Stocks Close Mixed; Apple Puts Dent in Nasdaq
NEW YORK ( TheStreet) -- Major U.S. stock averages traded mixed Thursday afternoon as better-than-expected U.S. economic indicators failed to push the Nasdaq back into positive territory amid Apple's (AAPL) sharp price decline.
The Dow Jones Industrial Average closed up 46 points, or 0.33%, at 13,825.
Breadth was positive, as winners outpaced losers 19 to nine. Hewlett-Packard (HPQ) and Walt Disney (DIS) were unchanged. The biggest percentage blue-chip gainers were Cisco (CSCO), Home Depot (HD), DuPont (DD), Dupont (DD) and Boeing (BA).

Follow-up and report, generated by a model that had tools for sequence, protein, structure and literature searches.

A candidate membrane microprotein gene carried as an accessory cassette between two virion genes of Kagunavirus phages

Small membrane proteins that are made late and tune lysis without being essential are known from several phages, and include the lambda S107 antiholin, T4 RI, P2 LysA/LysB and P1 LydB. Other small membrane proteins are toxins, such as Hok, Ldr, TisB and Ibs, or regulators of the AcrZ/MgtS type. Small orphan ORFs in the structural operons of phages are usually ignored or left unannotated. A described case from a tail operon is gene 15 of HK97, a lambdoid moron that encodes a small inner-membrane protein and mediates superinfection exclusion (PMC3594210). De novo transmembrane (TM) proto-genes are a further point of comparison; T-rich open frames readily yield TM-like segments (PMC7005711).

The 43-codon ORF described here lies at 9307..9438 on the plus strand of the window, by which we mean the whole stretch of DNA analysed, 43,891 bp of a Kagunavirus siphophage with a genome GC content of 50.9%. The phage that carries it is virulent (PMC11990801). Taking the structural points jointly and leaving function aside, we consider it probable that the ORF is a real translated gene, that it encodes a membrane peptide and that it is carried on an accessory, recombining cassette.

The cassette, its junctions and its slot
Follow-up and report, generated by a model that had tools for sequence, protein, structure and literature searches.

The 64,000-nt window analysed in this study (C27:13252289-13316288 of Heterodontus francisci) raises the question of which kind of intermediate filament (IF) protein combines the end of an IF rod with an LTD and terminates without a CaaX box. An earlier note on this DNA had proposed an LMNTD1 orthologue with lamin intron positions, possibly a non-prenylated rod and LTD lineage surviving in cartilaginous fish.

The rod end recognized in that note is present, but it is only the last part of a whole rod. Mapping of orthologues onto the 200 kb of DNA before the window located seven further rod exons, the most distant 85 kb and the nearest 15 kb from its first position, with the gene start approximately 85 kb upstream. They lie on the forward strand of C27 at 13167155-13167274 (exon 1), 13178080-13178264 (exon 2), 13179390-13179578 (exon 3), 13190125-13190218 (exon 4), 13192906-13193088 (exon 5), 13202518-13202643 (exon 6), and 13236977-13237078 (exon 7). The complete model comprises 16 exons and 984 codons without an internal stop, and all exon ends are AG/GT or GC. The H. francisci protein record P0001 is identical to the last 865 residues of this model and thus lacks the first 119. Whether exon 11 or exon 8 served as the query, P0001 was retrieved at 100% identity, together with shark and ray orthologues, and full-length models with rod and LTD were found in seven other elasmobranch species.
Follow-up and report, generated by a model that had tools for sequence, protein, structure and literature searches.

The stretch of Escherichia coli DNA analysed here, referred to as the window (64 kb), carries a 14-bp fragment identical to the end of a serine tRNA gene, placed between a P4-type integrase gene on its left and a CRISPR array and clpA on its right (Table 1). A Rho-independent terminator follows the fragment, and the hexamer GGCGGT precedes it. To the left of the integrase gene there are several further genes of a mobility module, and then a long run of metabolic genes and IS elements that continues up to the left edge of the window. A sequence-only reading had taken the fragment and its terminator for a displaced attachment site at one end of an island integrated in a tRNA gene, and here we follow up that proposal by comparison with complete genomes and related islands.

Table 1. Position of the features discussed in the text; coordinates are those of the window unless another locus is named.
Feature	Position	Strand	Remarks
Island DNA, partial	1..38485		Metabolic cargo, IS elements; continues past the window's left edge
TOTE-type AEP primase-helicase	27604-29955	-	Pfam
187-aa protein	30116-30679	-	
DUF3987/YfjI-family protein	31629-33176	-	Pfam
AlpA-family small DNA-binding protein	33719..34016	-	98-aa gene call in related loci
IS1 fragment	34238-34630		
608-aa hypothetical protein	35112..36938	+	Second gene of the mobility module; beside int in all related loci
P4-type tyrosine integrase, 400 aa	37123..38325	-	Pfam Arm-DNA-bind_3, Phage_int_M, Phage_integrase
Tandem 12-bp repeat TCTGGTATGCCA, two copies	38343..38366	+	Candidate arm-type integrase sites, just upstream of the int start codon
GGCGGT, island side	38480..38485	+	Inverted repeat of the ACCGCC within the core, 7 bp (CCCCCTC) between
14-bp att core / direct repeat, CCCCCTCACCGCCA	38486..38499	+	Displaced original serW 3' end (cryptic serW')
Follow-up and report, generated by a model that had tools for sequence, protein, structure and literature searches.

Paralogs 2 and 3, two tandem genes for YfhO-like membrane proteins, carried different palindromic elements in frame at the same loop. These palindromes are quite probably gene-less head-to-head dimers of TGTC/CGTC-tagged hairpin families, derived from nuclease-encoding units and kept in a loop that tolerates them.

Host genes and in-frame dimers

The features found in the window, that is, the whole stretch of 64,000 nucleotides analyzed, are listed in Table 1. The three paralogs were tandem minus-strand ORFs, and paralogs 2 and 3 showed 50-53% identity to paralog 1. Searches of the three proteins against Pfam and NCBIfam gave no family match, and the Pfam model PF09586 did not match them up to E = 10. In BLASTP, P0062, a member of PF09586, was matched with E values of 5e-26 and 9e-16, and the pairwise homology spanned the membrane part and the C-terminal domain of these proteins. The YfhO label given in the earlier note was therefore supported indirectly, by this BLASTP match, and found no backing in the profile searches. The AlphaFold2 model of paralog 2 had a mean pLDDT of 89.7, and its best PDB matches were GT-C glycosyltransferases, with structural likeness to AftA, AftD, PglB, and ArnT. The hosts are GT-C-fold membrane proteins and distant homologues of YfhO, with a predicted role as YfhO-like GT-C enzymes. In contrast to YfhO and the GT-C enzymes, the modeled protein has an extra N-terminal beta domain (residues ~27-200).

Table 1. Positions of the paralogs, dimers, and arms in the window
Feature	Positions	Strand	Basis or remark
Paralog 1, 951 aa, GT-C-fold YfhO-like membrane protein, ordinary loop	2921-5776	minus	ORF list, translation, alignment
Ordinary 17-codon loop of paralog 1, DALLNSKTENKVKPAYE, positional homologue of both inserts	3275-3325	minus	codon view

Boeing shares rose 1.4%. Delta (DAL) is talking to Airbus and Boeing about buying $1 billion or more of new jets as planemakers phase out their current single-aisle models, people familiar with the matter told Bloomberg. Delta shares climbed 0.94%.Software giant Microsoft is expected by analysts Thursday to report fiscal second-quarter earnings of 75 cents a share on revenue of $21.6 billion after the closing bell. Shares were up incrementally ahead of the announcement. Alcoa (AA), Intel (INTC), Verizon (VZ) and Procter & Gamble (PG) shares were among the stocks that were trading lower. 3M (MMM), the diversified technology company, posted in-line fourth-quarter earnings of $1.41 a share and revenue of $7.4 billion, which beat the Wall Street sales estimate of $7.18 billion. Organic local-currency sales grew 4.3% in the period, and acquisitions added 0.9% to sales. The stock added 0.23% a share on Thursday. 3M affirmed its 2013 full-year performance earnings expectations of $6.70 to $6.95 a share, with CEO Inge Thulin saying that 3M has "built good momentum to innovate and move forward in 2013." The S&P 500 was effectively flat at 1495. Earlier Thursday the index crossed 1500 for the first time since December 2007. The Nasdaq fell 23 points, or 0.74%, at 3130. Most sectors in the broader market were trading higher except for technology and basic materials. The strongest sectors were consumer cyclicals, transportation, health care, financials and conglomerates. Volumes rose to 3.67 billion shares on the New York Stock Exchange and a heavy 2.04 billion shares on the Nasdaq. Advancers were edging decliners by a 1.3-to-1 ratio on the Big Board and 1.2-to-1 on Nasdaq. Apple shares plunged 12.4% Thursday after its fiscal first-quarter revenue trailed forecasts, earnings per share fell and profit margins shrank. Even with the S&P 500 managing to touch five-year highs during Thursday's trading session, the market looks like it can continue to move higher, at least for now, according to strategists. Michael Pento, president of Pento Portfolio Strategies, said he is "mildly bullish" on equities for the next two months. "Strong money supply growth and the bond bubble being at its apogee will cause the S&P 500 to rise 5% to 7% by the middle of March. However, I also feel the economy will continue to be mired in stagflation and start to slow even further due to the mild condition of austerity coming from D.C.," said Pento. "That will cause the markets to pause in the spring." "We've seen lots of talk about how over-extended the market is here and how 'bullish' everyone has become all of a sudden," said Ryan Detrick, senior technical strategist at Schaeffer's. "My only take on this is we saw some similar scenarios last year around this time, yet the market continued to grind higher for several months. Could we be seeing a repeat of that? I wouldn't bet against it." The U.S. Labor Department said Thursday that initial jobless claims fell by 5,000 in the week ended Jan. 19 to 330,000, down from the previous week's unrevised figure of 335,000. Economists were expecting an increase to 355,000. The four-week moving average was 351,750, a decrease of 8,250 from the previous week's average of 360,000. Continuing claims for the week ended Jan. 12 fell by 71,000 to 3.157 million, down from the prior week's upwardly revised level of 3.228 million. "Claims data can be especially volatile around this time of year, reflecting huge swings in seasonal patterns," noted Maury Harris, an economist at UBS. The Conference Board's leading economic index for the U.S. showed a rise of 0.5% in December to 93.9, following an upwardly revised flat read for November, and a 0.3% increase in October. A rebound of 0.3% was expected for December. Economists at the Conference Board said the index's rise suggests a likely pickup in domestic growth as the improving housing market helps improve consumer balance sheets and strengthen consumption. However, for growth to gain more traction, the economists said they need to see better performance on new orders and an acceleration in capital spending. Hong Kong's Hang Seng finished down by 0.15% even after better-than-expected China manufacturing data as China shares sold off on profit-taking and Apple suppliers took a hit after the tech giant's downbeat report. The Nikkei in Japan rose 1.28% as exporters advanced thanks to a weaker yen. The FTSE in London settled ahead by 1.09% as mining stocks gained after the China data. The DAX in Frankfurt closed up 0.53% after Markit Economics' flash Germany PMI report showed that the leading European economy began the year with a resurgence in private sector output. Gold for February delivery fell $16.80 to finish at $1,669.90 an ounce at the Comex division of the New York Mercantile Exchange, while March crude oil futures were up 72 cents to close at $95.95 a barrel. The benchmark 10-year Treasury fell 7/32, to raise the yield to 1.853%. The dollar was up 0.03%, according to the
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